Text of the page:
Just a short call makes such a difference (Picture: Getty)
Loneliness can affect anyone, at any age.
And the isolating nature of lockdown has meant more and more people are struggling with it.
What’s more, we know that our mental health has taken a huge hit during the pandemic and previous research shows that anxiety and depression are often linked to intensified loneliness.
But the good news is that talking to someone on the phone for just 10 minutes can have a really positive impact.
A new study has found that brief phone calls multiple times a week can reduce loneliness – which is great for those who live on their own, individuals shielding or those in care homes who are currently unable to see their loved ones.
Half of the 240 participants in the study were selected to receive short phone calls from volunteers over the course of a month, while the others did not.
Results published in the Journal JAMA Psychiatry earlier this week show that individuals with calls reported feeling 20% less lonely on average.
Chats were a little over 10 minutes during the first week, but they evened out to 10 minutes during the rest of the month-long study
Researchers measured loneliness on a scale of three to nine. At the start of the study, participants averaged a score of 6.5 – this number had dropped to 5.2 by the end.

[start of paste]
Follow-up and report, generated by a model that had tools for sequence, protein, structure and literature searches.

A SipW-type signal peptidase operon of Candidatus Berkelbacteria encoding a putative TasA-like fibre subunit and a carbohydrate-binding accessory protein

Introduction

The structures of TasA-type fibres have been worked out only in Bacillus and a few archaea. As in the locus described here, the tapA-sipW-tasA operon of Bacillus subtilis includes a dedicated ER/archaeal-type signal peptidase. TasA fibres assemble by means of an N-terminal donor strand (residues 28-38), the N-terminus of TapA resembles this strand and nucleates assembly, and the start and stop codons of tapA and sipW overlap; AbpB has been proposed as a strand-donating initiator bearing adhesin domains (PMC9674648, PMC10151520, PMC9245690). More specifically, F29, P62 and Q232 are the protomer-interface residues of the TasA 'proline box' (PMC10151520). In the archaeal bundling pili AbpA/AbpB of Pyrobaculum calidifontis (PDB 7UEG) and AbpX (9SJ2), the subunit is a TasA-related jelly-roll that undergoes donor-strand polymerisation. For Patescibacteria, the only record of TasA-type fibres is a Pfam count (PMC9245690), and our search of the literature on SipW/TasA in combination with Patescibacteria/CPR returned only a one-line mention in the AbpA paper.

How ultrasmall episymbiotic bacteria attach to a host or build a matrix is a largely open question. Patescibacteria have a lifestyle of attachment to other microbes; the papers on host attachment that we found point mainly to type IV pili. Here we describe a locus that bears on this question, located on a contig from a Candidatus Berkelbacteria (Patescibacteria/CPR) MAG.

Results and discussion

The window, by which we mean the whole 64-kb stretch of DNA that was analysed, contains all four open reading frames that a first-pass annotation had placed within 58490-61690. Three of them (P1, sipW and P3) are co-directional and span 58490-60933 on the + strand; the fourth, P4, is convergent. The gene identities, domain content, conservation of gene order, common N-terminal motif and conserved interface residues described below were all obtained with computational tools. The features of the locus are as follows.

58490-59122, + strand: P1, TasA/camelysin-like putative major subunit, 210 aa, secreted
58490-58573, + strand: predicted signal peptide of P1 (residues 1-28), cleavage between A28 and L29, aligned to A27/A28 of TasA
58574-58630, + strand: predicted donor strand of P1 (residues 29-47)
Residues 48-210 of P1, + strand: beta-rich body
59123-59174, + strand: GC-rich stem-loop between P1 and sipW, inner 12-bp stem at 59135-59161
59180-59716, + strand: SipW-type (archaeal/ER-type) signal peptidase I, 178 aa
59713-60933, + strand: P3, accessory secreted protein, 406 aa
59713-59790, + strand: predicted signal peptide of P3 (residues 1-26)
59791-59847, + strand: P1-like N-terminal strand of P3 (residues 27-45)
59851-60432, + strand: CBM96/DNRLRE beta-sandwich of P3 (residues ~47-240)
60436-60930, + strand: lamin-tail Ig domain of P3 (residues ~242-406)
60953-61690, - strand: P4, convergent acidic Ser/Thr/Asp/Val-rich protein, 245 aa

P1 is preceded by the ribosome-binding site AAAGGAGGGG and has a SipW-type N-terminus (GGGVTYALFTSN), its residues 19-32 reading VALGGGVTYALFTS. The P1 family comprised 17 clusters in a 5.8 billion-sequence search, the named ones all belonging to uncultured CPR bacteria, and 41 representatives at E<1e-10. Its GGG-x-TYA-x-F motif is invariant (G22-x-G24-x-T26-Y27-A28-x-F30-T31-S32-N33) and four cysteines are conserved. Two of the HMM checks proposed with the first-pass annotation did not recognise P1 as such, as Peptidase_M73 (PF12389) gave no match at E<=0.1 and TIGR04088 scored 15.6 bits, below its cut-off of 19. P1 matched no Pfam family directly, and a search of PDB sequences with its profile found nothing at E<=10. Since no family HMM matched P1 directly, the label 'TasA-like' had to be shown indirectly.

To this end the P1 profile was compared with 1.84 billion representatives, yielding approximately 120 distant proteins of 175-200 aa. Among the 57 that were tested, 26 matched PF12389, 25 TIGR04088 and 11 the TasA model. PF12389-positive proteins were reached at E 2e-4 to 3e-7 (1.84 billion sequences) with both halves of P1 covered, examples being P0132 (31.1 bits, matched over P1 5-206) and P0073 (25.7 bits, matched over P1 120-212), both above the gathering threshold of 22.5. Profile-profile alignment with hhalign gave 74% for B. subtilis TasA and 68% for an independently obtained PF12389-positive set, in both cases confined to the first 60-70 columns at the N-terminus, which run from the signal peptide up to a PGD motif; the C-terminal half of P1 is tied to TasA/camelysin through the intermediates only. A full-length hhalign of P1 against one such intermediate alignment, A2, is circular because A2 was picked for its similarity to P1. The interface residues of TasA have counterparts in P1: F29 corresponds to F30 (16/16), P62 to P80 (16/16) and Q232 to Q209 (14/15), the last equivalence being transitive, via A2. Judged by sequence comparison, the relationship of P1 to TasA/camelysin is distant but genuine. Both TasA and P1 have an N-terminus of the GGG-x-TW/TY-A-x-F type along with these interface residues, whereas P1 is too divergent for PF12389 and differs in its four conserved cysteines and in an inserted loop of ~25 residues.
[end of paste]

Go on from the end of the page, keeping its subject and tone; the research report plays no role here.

But it seems the power of a quick phone call doesn’t stop there – results also showed the chats lessened anxiety and depression.
According to researchers, the number of adults who were at least mildly anxious dropped by 37% and the number who were at least mildly depressed dropped by 25% by the end.
The study’s author, professor Maninder Kahlon, added that these results were ‘even more striking than the loneliness impact, because we hadn’t necessarily expected that degree of result.’
So rather than texting your friend to catch up, why not give them a call next time – it could make a real difference.
Other ways to cope with loneliness in lockdown:
There are a number of ways to deal with loneliness in lockdown, some of these include:
Stay busy by learning something new
There are plenty of ways to learn new skills either online or through books, and who knows, you might even find a new favourite hobby.
Join an online community
There are online support groups for people who are experiencing loneliness, so you don’t have to feel alone.
Volunteer to help others
Volunteering is good for others and good for the soul, and there are plenty of charities and organisations that need your help.
Share your feelings
Talking about your feelings of loneliness can help, especially if they are able to offer some support.
To talk about mental health in an open, judgement-free space, join Metro.co.uk’s Facebook group, Mentally Yours.
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